Davidson Kempner takes stake in ‘buy now pay later’ provider DivideBuy
Written by Hit Music Radio News on 09/09/2021
DivideBuy, a “buy now pay later” (BNPL) provider, has struck a £300m deal with a prominent hedge fund that it hopes will help it to capture a greater slice of the fast-growing instant credit market.
Sky News understands that Davidson Kempner Capital Management has agreed a new £300m lending facility with DivideBuy and will also acquire a minority equity stake in the company.
The agreement, which will be announced in the coming days, comes as BNPL operators such as Klarna see their valuations rise to stratospheric levels on the back of soaring consumer demand and improving technology.
DivideBuy, which was founded in 2014, has partnerships with more than 500 retailers and makes credit decisions within 60 seconds.
Based in Stoke-on-Trent, the company has previously attracted backing from the private investment vehicles of prominent business figures including Jon Moulton and Sir Brian Souter.
The interest-free credit point-of-sale (POS) finance market was worth £10bn last year, and is forecast by some analysts to be worth £27bn by 2024.
Rob Flower, DivideBuy’s founder and chief executive, claimed that the Davidson Kempner transaction “underlines the strength of DivideBuy’s business model, and how we’re revolutionising the POS finance sector by owning the full lending journey with assistive technology, automated soft credit checks and transparent lending with no hidden fees”.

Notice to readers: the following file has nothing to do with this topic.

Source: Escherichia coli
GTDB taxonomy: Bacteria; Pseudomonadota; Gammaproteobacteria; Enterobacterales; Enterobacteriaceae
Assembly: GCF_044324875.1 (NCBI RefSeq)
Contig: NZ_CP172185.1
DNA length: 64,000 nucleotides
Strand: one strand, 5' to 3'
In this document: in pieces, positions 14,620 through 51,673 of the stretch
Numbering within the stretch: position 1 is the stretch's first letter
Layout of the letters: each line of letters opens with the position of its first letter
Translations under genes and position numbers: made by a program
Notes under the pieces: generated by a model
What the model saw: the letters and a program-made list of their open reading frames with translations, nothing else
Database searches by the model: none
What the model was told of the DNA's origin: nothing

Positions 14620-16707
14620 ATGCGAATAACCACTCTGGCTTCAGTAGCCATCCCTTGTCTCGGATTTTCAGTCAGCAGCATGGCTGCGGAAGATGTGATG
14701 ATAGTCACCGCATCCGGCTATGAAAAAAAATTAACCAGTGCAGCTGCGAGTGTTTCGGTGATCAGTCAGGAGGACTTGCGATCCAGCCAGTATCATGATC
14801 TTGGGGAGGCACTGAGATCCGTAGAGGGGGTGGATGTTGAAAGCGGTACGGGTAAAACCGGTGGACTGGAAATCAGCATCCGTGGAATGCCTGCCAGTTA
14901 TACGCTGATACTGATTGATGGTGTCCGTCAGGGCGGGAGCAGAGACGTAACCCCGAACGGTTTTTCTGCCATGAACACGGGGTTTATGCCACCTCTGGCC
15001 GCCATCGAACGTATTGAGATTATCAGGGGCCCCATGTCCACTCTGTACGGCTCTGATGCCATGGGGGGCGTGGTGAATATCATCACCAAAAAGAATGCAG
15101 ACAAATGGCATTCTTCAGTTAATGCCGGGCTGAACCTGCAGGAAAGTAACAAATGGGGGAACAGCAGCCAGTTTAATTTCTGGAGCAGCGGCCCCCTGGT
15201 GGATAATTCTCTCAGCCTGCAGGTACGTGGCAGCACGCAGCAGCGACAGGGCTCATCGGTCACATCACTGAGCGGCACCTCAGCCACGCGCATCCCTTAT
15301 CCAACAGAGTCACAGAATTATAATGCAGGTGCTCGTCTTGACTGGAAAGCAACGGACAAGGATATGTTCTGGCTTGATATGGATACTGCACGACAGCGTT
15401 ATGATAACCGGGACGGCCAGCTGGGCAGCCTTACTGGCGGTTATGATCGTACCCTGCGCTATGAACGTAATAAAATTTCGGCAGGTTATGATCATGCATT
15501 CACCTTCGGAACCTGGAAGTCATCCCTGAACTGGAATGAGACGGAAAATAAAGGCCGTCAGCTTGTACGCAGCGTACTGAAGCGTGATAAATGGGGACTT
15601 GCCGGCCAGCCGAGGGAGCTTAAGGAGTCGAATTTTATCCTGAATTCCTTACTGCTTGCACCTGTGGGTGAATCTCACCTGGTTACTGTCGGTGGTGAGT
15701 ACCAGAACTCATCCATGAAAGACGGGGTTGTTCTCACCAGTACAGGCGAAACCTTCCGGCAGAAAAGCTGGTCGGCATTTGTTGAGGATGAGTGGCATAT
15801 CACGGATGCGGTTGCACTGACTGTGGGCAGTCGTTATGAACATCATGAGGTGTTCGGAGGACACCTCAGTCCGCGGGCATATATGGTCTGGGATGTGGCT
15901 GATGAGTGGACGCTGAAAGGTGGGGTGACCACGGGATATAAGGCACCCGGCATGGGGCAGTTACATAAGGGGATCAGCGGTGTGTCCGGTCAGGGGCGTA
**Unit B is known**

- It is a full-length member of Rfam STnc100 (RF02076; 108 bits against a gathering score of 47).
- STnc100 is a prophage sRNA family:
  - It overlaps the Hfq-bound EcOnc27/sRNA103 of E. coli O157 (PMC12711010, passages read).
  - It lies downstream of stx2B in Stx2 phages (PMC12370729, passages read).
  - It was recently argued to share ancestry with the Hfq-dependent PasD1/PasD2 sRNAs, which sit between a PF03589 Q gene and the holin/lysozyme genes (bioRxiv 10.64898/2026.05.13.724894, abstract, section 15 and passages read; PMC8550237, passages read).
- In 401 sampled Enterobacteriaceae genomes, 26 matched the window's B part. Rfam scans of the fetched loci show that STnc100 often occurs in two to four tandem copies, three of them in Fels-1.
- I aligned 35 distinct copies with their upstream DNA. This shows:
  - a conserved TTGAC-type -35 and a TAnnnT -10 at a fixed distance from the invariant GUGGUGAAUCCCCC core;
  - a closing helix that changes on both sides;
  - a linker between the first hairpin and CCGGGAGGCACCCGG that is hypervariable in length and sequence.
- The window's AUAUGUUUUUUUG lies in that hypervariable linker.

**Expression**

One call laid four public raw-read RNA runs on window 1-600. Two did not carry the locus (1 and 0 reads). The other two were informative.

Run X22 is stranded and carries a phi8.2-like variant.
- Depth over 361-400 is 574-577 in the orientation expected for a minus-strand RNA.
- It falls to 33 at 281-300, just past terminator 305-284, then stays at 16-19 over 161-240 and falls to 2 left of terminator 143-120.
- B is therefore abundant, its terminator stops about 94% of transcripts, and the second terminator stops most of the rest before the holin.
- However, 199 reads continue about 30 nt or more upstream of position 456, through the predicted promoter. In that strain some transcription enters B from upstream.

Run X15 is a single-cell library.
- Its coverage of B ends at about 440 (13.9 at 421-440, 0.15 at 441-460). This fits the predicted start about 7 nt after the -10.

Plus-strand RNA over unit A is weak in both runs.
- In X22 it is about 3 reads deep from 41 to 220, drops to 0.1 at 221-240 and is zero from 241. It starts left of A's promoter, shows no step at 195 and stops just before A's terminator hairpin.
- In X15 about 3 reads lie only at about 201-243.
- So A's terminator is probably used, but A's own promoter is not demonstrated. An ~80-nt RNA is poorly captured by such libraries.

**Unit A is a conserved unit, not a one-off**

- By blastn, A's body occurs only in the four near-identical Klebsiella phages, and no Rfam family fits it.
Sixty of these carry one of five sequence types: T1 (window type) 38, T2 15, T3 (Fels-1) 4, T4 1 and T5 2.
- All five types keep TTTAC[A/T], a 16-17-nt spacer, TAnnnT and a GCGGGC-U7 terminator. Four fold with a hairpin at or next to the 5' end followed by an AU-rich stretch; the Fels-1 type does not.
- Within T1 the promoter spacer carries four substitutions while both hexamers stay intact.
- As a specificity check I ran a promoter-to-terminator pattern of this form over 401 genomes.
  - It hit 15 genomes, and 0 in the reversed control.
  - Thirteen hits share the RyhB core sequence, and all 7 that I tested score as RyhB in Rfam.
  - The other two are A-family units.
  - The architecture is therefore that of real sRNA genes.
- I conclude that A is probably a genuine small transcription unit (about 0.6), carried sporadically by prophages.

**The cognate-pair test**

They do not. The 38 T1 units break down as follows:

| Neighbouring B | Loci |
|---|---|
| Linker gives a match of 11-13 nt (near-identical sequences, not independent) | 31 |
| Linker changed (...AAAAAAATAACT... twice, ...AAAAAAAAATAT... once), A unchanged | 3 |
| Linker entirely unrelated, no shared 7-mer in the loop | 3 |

“The flexibility of our technology treats each customer as an individual, and also gives retailers revenue-boosting strengths such as higher checkout conversions and higher basket sizes.”
DivideBuy argues that it is differentiated from competitors because it offers both a technology platform and credit facility to retail partners, a move which eliminates traditional credit providers.
Interest in the BNPL sector has been further stoked in recent weeks by the news that Apple and Amazon have struck deals to allow consumers to make payments in instalments for purchases from the two tech giants.
© Sky News 2020